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LALLY: Road America Debrief

Magnus Racing’s Andy Lally files his latest Sportscar365 column…

Photo: IMSA

Photo: IMSA

So…. I don’t really know what to write about Road America.

I have a love/hate relationship with the track, going back almost 15 years. I made my debut at Road America in the Atlantic series back in 2000, and held pace with some big names.

In 2012, Magnus was effectively eliminated from the championship when the engine blew up. Two months ago, I nearly took third in the NASCAR Nationwide Series race there.

It’s an awesome place that is fun to drive at, but for some reason it’s a place where things go really well or really bad for me.

Sunday would be considered a bad one.

The all-new Porsche 911 GT America is an interesting challenge. The car has a very narrow window for setup, and with the GTD field of the TUDOR United SportsCar Championship so incredibly tight, you can’t afford to be a little off.

The guys have been working really hard to find the perfect balance, and we had a great test a few weeks ago, so coming to Road America we were optimistic.

Qualifying wasn’t quite what we wanted with eighth, but we thought John was in good shape to start the race.

Unfortunately, after the first yellow of the race, John got tagged hard on the re-start and ended up running in to the guys in front of him, damaging both ends of the car.

He continued to do a few laps, but the guys could see the water temperature slowly starting to rise on the telemetry, and when he came in to the pits it was clear we had to go to the garage for extensive repairs.

It’s painful to just sit there. The race was over before I even put my helmet on. There’s no way anyone would ever let me touch a set of tools, so all I could do is just grab a chair and wait.

I especially felt bad for John, who didn’t do anything wrong and had to just sit in the car during the whole process… waiting.

Everyone says they have the best crew out there, but the Magnus guys prove it time and time again. They changed dozens and dozens of components in 35 minutes…. literally transforming a car that shouldn’t have run at all in to a car that was incredibly similar to what it was before the crash.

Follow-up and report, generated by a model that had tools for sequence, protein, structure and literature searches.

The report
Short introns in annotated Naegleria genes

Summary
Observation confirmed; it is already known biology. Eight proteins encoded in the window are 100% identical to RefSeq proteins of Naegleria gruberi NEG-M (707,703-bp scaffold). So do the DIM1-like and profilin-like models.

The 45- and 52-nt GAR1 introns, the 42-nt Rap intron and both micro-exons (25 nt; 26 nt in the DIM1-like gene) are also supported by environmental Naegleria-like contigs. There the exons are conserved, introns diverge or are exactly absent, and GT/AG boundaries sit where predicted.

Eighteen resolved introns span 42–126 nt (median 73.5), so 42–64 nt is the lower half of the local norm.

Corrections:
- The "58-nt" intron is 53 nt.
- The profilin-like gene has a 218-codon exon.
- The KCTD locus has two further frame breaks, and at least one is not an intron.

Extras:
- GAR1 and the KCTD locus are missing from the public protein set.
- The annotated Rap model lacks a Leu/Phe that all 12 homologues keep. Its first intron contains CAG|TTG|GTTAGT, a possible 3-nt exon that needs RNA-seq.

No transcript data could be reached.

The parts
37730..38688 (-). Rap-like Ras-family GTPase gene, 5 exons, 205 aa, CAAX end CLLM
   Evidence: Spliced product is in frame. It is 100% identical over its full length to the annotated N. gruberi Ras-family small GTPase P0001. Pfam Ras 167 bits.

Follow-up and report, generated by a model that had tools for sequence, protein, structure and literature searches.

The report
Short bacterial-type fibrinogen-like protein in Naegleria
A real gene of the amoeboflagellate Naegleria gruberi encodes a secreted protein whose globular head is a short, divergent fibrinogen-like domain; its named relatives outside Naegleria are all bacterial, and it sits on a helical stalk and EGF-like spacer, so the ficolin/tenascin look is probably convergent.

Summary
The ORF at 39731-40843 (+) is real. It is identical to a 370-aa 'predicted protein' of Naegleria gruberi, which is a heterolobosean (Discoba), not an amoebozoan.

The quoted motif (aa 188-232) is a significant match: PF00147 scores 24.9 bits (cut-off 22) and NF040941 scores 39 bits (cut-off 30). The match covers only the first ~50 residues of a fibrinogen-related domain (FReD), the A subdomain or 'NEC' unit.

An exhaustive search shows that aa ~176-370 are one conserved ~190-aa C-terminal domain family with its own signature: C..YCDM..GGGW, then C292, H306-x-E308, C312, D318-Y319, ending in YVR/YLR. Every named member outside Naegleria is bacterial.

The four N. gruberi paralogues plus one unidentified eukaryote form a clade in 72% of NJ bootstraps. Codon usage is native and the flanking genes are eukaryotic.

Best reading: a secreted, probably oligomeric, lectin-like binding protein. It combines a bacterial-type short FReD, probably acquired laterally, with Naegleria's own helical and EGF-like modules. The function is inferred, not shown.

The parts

It is simply amazing to watch these guys almost instinctively knowing what to do, working arm-in-arm without ever having to ask questions. It’s tough to describe how impressive it.

I’m incredibly fortunate to be able to drive racing cars for a living, but even more fortunate to be able to drive for teams like Magnus Racing, Stevenson Motorsports, and several others who are completely committed to perfection.

Part of the rush for everyone was getting the car back out to get John and I our minimum drive times. This year, the rule is a driver must perform his minimum drive time (in this case, one hour for a two-hour, forty-five minute race) ON track. Time in the pits or the garage doesn’t count.

This meant the guys had to get John back out to drive an additional 25 minutes, and then hopefully get me out in time to get my 60 minutes as well.

John was out and gone, did the remaining 25 minutes he needed, and then handed it over to me just as a yellow came out.

This is where it all went wrong.

We were several laps down, so we didn’t really care about when we pitted for the sake of gaining ground… we were really just playing pit strategy to get John and I our drive times. When John and I did our driver change, the pits were technically closed. As a result, I had to later come in for a penalty.

The biggest issue, however, was in this process we also took a wave-by for all cars a lap down… which we weren’t allowed to do because of the fact we took a pit stop in a closed pit.

This was killer, because we ended up getting a four-minute penalty for illegally taking a wave-by. Even worse, this four minutes of serving meant four-minutes of me NOT being scored for my drive time…. all because we took a wave-by that ultimately didn’t really matter for us. Ouch.

When I took the checkered flag, by our calculations we still had me on-track for just over 60 minutes, but at the time of writing this IMSA disagrees. In other words, John scored points for the race, but as of this article I have not.


I’m glad John and the team are still in this thing though. It’s going to be tough for us to have a shot at the championship, but we still have a shot at a top-three, which would be awesome.

Unfortunately I’m completely out of this without being scored, but I’m still every bit as motivated as I want to see John and the team come away from something this year… they’ve all been pushing so hard.

On to VIR.

Andy Lally (@AndyLally) is a three-time GRAND-AM champion and former NASCAR Sprint Cup Series Rookie-of-the-Year, currently driving for Magnus Racing in the TUDOR United SportsCar Championship.

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